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Thalidomide to be trialled against mesothelioma


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Thalidomide to be trialled against mesotheliomaArticle from: Font size: Decrease Increase Email article: Email Print article: Print Submit comment: Submit comment Janelle Miles

January 01, 2008 11:00pm

NOTORIOUS morning sickness drug Thalidomide, which caused severe birth defects in the 1950s and 1960s, is about to be trialled as a treatment for asbestos-related mesothelioma.

Cancer specialist Nick Pavlakis said Thalidomide had been shown to inhibit blood vessel growth within tumours and he planned to test its value in mesothelioma patients.

He hopes to recruit about 100 patients Australia-wide for the study, which will compare those receiving chemotherapy with others given the standard treatment as well as Thalidomide.

"We want to find out after they've had chemotherapy . . . if we give Thalidomide can we then control the disease for longer and maintain quality of life for longer?" Professor Pavlakis said.

He said the results of the trial would be combined with a similar study taking place in the Netherlands.

Thalidomide is already listed on the Pharmaceutical Benefits Scheme as a treatment for multiple myeloma, a type of blood cancer.

Studies have found the standard chemotherapy cocktail increases survival of mesothelioma patients by an average of three months as well as improving quality of life.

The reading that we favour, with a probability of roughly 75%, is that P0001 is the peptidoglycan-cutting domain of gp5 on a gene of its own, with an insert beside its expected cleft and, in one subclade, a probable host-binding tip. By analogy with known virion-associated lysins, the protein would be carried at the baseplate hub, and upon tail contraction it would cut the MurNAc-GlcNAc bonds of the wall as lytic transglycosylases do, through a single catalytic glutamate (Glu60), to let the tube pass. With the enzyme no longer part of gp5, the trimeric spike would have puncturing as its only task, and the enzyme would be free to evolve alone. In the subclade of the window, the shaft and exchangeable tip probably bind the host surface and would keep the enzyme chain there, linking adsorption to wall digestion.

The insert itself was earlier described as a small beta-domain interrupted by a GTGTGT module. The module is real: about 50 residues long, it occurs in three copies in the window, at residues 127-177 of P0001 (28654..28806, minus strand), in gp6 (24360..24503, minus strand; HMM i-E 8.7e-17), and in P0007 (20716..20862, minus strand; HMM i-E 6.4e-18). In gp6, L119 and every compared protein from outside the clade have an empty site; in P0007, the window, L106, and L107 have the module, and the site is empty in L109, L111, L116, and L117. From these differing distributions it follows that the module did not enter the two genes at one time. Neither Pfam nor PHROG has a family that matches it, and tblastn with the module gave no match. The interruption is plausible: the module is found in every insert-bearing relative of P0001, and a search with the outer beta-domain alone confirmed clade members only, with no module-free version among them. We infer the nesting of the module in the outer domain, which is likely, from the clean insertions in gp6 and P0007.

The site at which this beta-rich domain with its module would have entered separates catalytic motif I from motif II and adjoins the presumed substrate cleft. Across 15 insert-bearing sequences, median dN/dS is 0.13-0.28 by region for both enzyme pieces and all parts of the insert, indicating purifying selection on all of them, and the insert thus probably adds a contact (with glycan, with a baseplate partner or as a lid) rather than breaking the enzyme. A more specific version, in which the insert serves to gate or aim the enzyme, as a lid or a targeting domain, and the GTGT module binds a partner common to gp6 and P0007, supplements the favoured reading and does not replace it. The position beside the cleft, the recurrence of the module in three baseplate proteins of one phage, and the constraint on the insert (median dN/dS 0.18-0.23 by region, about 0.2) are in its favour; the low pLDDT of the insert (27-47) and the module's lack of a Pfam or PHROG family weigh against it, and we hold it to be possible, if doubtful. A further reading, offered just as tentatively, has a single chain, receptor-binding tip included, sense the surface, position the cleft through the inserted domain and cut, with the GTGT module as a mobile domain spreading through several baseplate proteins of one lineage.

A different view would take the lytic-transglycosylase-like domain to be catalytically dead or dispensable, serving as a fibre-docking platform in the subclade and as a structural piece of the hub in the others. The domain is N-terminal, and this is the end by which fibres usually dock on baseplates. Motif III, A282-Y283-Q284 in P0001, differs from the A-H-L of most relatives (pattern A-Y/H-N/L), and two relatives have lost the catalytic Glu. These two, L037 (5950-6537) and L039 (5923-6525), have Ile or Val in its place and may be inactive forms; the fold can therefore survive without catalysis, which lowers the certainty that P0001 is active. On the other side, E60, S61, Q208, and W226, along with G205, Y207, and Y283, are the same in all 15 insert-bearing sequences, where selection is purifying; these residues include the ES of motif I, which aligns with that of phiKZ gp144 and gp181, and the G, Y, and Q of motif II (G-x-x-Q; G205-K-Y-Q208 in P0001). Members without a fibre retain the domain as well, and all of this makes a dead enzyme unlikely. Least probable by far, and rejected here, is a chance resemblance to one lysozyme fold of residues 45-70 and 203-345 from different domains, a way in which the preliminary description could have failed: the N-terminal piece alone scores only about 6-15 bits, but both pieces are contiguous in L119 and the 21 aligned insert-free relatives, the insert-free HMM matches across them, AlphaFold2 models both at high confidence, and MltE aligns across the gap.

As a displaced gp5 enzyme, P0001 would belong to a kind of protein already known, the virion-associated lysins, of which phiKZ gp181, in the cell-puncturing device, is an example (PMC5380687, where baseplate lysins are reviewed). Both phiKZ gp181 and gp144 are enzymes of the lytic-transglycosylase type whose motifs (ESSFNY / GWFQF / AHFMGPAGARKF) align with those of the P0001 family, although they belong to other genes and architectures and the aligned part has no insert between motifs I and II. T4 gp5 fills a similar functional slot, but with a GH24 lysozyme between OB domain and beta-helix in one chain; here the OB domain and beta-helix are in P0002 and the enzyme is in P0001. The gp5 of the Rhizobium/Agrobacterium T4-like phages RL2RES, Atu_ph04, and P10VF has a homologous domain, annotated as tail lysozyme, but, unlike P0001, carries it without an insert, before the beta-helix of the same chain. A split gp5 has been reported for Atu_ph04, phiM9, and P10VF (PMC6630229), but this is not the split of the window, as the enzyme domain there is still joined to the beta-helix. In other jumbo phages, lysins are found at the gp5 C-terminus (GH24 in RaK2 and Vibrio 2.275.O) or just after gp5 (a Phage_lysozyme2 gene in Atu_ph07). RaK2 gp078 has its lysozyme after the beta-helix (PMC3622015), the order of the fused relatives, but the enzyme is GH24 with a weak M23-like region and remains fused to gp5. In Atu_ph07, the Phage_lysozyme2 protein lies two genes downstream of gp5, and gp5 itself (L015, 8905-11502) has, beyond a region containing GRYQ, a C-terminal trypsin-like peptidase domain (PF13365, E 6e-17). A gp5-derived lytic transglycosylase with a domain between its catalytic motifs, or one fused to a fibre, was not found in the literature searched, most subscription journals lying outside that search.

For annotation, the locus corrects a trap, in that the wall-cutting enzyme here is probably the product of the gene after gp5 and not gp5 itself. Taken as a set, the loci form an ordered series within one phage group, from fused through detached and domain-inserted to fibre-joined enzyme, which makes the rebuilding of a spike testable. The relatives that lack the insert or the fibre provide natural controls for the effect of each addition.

Professor Pavlakis, of Sydney's Royal North Shore Hospital, said even if Thalidomide extended that to five months, it would be considered significant.

"That doesn't sound like a lot but . . . everything's a stepping stone," Professor Pavlakis said.

"If you look at breast cancer and other diseases where there's been major changes, at any given time point the changes didn't seem as big when they actually were discovered.

"It's the cumulative effect of little changes over time that add up to a big effect."

About 600 Australians are diagnosed with the disease each year but that is expected to double by 2020.

"Everyone acknowledges it's going to get worse . . . based on when the maximum asbestos exposures in the community were," Professor Pavlakis said.

"There's a lag time of 30 to 40 years on average from the time of exposure to the time of disease."

Only about 5 per cent of those diagnosed with mesothelioma were alive five years later, Professor Pavlakis said.

Mesothelioma patient Trevor Stagg, 70, and his wife, Eileen, of Victoria Point, said they were grateful for every extra day they had together after his diagnosis in June.

"I really feel more for the families of people who go out one day, have an accident and don't come home. I wonder how they cope with that," Mrs Stagg said.

"Each day is really precious to us. We've been married 51 years last Saturday. We've even got closer."

The Queensland arm of the Thalidomide trial will be run through Brisbane's Prince Charles Hospital.

Patients wanting to take part should contact the National Health and Medical Research Council's Clinical Trials Centre on 02 9562 5000 or the Australasian Lung Cancer Trials Group on 07 3622 2301.

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